Cold pack cheese spread 101 & delicious holiday recipes

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A cheese spread is a cheese spread is a cheese spread, right? Except, there’s a big difference between most cheese spreads and cold pack cheese spreads.

Mary Lindemann

Most cheese spreads are treated with heat. They’re either pasteurized, cooked or injected with heat, says Mary Lindemann, marketing director at Pine River, a leading maker. This changes the taste and texture, she says. Cold pack, on the other hand, is created by blending real cheese and other ingredients, but, as its name suggests, there’s absolutely no heat involved. “It’s blended without heat, and that’s the key part of cold pack,” Lindemann says. “It’s like putting regular cheese in a spreadable form.”

As such, cold pack cheese spreads have a more intense flavor that tastes rather like the cheeses they’re made from. “When you heat the cheese in any way, it changes the texture, and it can change the flavor,” Lindemann says. “You know how when you cook vegetables, they taste one way raw, and another way cooked? It’s the same with cheese spreads.”

The taste and texture differences between cold pack cheese spreads and regular cheese spreads isn’t imagined. Professors at Utah State University proved it with research details in the report, Grittiness in a Pasteurized Cheese Spread: A Microscopic Study. According to Lindemann, “The study revealed that pasteurizing the cheese spread compacts the protein molecules, causing “grittiness.” She adds, “The unpasteurized (unheated) cold-pack cheese spread prepared from the same ingredients was smooth with no grittiness defect.”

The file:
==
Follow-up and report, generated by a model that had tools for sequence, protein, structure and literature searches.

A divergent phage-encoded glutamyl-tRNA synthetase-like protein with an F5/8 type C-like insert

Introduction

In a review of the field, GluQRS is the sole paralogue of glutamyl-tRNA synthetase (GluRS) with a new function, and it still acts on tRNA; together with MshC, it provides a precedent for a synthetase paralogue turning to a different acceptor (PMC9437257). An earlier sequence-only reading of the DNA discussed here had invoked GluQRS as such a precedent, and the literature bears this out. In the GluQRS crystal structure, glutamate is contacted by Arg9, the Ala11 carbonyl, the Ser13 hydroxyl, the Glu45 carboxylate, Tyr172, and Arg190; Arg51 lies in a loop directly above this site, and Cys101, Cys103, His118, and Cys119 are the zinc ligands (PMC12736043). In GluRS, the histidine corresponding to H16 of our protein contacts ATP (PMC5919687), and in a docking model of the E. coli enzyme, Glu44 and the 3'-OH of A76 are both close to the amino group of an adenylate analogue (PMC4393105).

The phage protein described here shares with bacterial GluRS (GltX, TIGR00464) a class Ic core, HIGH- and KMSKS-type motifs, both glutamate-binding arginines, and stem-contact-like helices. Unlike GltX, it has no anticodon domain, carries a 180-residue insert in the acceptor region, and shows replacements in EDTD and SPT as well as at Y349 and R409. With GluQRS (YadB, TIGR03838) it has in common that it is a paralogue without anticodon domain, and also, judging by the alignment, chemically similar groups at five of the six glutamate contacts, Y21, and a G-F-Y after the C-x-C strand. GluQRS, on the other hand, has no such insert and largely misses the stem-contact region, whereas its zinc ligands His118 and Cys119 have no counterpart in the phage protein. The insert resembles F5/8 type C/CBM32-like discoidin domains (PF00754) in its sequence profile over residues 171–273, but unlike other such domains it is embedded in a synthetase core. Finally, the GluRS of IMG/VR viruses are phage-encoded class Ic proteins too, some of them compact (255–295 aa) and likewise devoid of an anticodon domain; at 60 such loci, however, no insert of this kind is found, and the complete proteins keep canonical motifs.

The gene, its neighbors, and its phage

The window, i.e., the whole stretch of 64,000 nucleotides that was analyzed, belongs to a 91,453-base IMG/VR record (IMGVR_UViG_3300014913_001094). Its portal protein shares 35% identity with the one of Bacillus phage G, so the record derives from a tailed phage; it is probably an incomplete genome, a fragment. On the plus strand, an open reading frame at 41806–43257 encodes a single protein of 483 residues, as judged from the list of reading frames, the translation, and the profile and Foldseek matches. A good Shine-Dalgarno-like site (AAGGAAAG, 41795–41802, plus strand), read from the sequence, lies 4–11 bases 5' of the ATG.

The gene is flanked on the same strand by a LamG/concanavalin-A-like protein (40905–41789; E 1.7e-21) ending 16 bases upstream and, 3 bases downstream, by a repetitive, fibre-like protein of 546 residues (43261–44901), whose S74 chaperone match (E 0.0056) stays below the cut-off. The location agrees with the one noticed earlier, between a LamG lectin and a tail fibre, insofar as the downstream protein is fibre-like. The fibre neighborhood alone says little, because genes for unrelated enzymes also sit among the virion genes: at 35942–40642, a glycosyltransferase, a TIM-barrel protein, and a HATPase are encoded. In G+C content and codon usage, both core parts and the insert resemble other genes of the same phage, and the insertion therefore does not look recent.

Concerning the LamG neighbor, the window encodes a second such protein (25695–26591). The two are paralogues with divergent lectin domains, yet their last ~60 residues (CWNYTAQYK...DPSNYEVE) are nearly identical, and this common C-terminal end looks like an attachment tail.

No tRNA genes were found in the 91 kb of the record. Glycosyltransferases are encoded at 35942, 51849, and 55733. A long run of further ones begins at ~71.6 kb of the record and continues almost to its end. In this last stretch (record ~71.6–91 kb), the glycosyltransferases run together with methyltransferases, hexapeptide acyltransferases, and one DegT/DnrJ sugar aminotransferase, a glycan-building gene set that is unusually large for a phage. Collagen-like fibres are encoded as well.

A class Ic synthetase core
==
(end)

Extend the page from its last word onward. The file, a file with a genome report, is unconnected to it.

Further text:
History of Cold Pack

Kaukauna spreadable cheese

Cold pack cheeses were invented in Wisconsin during the height of the Great Depression. Hubert Fassbender, who ran a beer depot and had his own dairy distribution company, started giving some of his customers a blend of spreadable cheese and beer, probably made from leftover bits and pieces of cheese, and customers began asking for the cheese without the beer. Sold in crocks, the cheese became very popular in supper clubs and taverns and is also known as crock cheese and club cheese.

In 1933, Fassbender’s brand became Kaukauna Klub cold pack cheese. Other cheese manufacturers and companies started doing their own versions of cold pack, and the snack spread throughout America’s Dairyland, where it’s now an iconic food product by itself. The name cold pack refers to the method by which it’s made. To make a cold pack spread, Pine River starts out with natural cuts of regular cheese. Lindemann explains the cheese blended with butter, whey, spices and flavorings–always without heat. Because the cheese is not heat processed, it must be refrigerated and unlike heat processed cheese spreads, it is not shelf stable.

Variations of Cold Pack Cheese

Like some other producers of cold pack spreads, Pine River also makes heat-treated cheese spreads. This allows them to be added to gift baskets, but it also allows them to be sold in stores without a lot of refrigeration space. “We take our cold pack recipe, and we inject heat in it,” Lindemann says. “It gives it a 600-day shelf life. The texture is different from the cold pack. It’s a little bit slippery, but the flavor is still very good, and it melts really well.”